A Campaign About Nothing?

Talk about “vapid.”

On “Morning Joe” today (click for link), the panelists sat around and complained about how little substance there is in this year’s presidential campaign.

“Am I the only one depressed here?” asks Joe. Then the other panelists groan and say yes, they, too, are depressed by this state of affairs. They of course have video clips to illustrate this sad state of affairs.  At about 4:08 in this segment, they show a half minute or so from Mitt Romney’s, and then Barack Obama’s stump speeches. Romney mocks Obama for defending Sesame Street characters, and Obama outlines the symptoms of “Romnesia.” Basically, they’re just sniping at each other with petty taunts. Pretty much standard fare in any political campaign, this year or any year.

From there, for the next 15 minutes or so, the “Morning Joe” panel talks about how unsubstantial the campaign is.

But those two clips are all they showed of the candidates talking. Now, I didn’t see the speeches in question, but I think we can be fairly sure that both men spent a great deal of time talking about matters of a great deal more importance than Big Bird.

And this kind of stuff goes on all the time, particularly on the cable news networks that have a lot of time to fill up during the day. They sit and complain about the lack of substance in the campaigns, but all they seem to talk about is the minutia. Tagg Romney wants to punch the president! Binders full of women! Donald Trump!

In fact, I think this has been one of the more substantive campaigns that we’ve seen in recent years. We’ve had four debates that have covered an awful lot of ground and delineated many differences between the candidates, and even if we think one candidate was better or more honest or more presidential than the other, we can at least agree they talked about a lot of important stuff.

But if you’re going to cherry-pick a minute of video to show the candidates at their worst, and then use that to push your “vapid campaign” talking point for the day, all I can say is, Joe, you’re missing a great story.

The Submission, by Amy Waldman

I’ve just finished reading The Submission, a novel by Amy Waldman. It was one of the most powerful books I’ve read lately.

It begins as a jury is picking the winner of an anonymous competition to design the memorial at Ground Zero in New York City. Primarily at the urging of one member—who had lost her husband in the September 11 attack—the jury settles on a garden design. However, when the name of architect who submitted the winning design is revealed, it turns out he’s Muslim. An American, yes, but also Muslim, and that revelation sends the jury—and the city and the nation—into a dizzying controversy that might have seemed unimaginable just a few years ago.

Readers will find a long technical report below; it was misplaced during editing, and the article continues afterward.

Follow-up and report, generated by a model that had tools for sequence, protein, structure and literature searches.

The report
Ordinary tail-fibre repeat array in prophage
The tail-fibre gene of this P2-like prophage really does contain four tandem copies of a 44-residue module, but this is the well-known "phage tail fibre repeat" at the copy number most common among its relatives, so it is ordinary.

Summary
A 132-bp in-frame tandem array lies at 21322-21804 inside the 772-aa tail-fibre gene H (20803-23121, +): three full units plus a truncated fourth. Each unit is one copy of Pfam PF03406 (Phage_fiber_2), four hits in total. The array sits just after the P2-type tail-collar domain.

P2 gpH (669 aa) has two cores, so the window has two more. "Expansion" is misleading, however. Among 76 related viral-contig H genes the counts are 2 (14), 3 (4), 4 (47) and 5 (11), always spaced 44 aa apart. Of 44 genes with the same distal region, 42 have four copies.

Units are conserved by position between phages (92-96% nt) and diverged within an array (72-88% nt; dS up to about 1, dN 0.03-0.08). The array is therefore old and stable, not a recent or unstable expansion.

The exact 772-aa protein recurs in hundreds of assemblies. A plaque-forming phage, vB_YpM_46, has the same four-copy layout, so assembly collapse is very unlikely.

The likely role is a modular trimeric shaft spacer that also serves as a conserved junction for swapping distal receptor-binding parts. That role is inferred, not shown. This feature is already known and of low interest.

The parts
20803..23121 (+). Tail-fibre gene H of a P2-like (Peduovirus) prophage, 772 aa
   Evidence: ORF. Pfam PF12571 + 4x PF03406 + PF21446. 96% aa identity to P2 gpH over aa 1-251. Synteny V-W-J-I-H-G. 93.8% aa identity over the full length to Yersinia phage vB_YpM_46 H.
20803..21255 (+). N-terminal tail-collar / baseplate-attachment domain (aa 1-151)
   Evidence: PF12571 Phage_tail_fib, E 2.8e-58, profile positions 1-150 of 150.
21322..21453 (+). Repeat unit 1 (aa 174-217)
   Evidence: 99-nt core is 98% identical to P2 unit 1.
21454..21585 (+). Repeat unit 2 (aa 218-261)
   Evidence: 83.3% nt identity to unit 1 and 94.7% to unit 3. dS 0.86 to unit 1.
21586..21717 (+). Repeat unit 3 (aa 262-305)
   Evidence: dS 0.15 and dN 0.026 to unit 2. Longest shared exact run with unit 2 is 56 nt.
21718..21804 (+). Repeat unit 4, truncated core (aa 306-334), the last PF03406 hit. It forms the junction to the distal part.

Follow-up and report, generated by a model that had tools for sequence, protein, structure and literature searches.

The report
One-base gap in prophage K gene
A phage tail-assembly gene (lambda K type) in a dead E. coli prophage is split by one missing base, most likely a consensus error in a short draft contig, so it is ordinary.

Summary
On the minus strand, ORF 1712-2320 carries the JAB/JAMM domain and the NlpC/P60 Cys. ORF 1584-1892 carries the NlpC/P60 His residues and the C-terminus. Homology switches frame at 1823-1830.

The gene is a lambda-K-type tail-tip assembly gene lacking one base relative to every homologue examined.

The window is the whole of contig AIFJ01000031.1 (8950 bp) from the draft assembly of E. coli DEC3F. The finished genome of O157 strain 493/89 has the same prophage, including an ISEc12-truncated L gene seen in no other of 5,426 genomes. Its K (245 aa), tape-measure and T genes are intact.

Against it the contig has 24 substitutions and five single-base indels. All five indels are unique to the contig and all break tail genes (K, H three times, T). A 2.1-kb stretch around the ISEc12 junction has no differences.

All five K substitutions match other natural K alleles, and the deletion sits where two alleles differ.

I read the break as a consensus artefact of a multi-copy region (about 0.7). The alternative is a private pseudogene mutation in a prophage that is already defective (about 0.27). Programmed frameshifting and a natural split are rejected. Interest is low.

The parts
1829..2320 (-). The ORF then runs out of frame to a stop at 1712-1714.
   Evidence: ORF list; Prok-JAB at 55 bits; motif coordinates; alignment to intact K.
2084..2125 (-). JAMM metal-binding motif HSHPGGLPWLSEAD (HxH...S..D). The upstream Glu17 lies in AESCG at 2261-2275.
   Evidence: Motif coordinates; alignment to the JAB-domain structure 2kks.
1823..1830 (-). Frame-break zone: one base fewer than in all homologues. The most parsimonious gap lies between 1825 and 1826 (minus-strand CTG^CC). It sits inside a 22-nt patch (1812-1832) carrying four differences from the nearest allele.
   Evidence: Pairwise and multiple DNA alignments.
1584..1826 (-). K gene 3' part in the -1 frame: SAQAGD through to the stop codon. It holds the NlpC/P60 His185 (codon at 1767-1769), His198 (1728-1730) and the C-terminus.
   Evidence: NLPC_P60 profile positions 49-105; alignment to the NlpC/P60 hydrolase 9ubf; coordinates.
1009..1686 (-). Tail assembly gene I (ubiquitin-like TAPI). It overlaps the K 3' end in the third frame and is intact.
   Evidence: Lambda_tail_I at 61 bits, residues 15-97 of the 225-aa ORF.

Now, though, after the “mosque at Ground Zero” flap from 2010, it’s all too imaginable.  If you remember the sickening circus around that story, this book will be completely familiar to you. For a refresher, and if you have a strong stomach, check out this bit of bigoted garbage from two years ago.

(For my part—even though the proposed “mosque at Ground Zero” was neither a mosque nor at Ground Zero—I think that Ground Zero would be a great place for a mosque. Right next to a temple and a Christian church. And hey, throw in a library, a bar and a gym: something for just about everybody, and let’s get over these silly divisions. But maybe that’s just me.)

Really, folks. There are billions of Muslims in the world. And 99.999 percent of them—an understatement, no doubt—are not focused on jihad against America. It’s only the crazies who hijack planes and fly them into buildings. And they do it because they’re crazy, not because they’re Muslims.

Anyway, Waldman brilliantly captures what can happen when you mix anti-Muslim paranoia with sensationalist tabloid media. I highly recommend this book.

Rescue At Sea

It was actually refreshing to read this story today, about the rescue of Abby Sunderland:

…The countries involved in the rescue effort have brushed off questions about the cost of the rescue and have no plans to seek recompense. Rescues at sea are a no-cost agreement under international conventions regarding maritime search and rescue operations.

“That’s not the way the law works,” Federal Transport Minister Anthony Albanese told reporters on the weekend. “The Australian taxpayer at the end of the day makes a contribution. But we have to put this in context. If there was an Australian lost at sea we would want … every effort to be made to save that person.”

In France, Foreign Ministry spokesman Bernard Valero told an online briefing that Abby’s rescue was an international obligation to help those in distress at sea….

Australia and France incurred hundreds of thousands of dollars to find and rescue the American teen, but neither country is complaining about the money. They recognize that under international maritime law, it is their responsibility to rescue mariners in distress, with the understanding that other countries will do the same in their regions.

But just think how the story would have played these days if the roles were reversed. Imagine that it was  the United States that had to spend a lot of money and send rescuers into harm’s way to save a teenager — from, let’s say, France —  trying to sail around the world by herself. Our media would go bonkers for days; there would be calls for the U.S. to withdraw from the United Nations and every international treaty we’ve ever signed. Pundits would file the episode away and resurrect (and embellish) it every few months for the next few decades.

But in Australia, it’s no big deal.